I haven't worked on that model but the main failure point on "two piece" shaft trimmers is the coupler in the top flex shaft (that the bottom flex shaft fits into) gets stripped. Depending in the model you can just replace the upper flex shaft or you may have to replace the complete upper shaft.
Other points of failure is the clutch bell gets rounded out where the upper flex shaft fits into. It could also be the plastic insert inside the shaft tube (that the flex shaft rides in) becomes melted or shifts allowing the flex shaft to move up or down within the tube and lastly, the flex shaft itself can break.
First look carefully at the coupling in the upper flex shaft and see if there are any signs of rounding off or wear.
Disconnect the attachment, insert a screw driver tightly into the coupling in the top flex shaft and carefully start the engine. Hold on to the screw driver and slowly increase the RPM. You should feel the shaft try to rotate. If you hold onto the screwdriver firmly so it won't turn you should be able to really be able to load down the engine. If the engine freely revs it is either a bad clutch bell or the plastic inner sleeve is melted or shifted.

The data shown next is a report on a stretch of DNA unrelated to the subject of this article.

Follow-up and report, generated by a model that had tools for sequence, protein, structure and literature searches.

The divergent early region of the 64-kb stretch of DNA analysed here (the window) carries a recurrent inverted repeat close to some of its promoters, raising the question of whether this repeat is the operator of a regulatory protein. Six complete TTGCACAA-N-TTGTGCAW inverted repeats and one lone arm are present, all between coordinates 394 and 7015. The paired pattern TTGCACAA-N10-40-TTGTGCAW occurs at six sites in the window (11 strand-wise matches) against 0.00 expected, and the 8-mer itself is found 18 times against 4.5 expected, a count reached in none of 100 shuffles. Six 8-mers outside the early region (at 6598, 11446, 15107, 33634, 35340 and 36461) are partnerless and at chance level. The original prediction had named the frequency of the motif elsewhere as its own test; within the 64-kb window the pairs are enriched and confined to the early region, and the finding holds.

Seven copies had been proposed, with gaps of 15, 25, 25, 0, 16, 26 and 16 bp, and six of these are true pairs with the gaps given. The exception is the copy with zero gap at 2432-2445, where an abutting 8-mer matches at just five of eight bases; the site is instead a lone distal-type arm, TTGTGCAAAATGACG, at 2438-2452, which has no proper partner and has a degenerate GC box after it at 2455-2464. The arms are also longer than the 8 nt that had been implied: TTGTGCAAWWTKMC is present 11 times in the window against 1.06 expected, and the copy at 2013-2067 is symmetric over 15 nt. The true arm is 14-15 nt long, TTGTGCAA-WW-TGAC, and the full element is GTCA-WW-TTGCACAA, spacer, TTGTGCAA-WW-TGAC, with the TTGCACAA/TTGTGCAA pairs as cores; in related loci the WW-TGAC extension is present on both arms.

Now pull the shaft out (using the tightly jammed in screwdriver) and try and rev the engine. If it now easily revs it most likely is the inner plastic sleeve.
Two piece shafts can be a real pain. Some have so little engagement in the clutch bell, between the shafts and the gearbox that any shifting of any of the shafts disengages them. Your symptom of running slowly before it stopped working makes me think it is more likely a stripped coupling or stripped clutch bell. Whatever the case, it can be fairly expensive to fix.... by their pricing, Homelite must be pretty proud of their products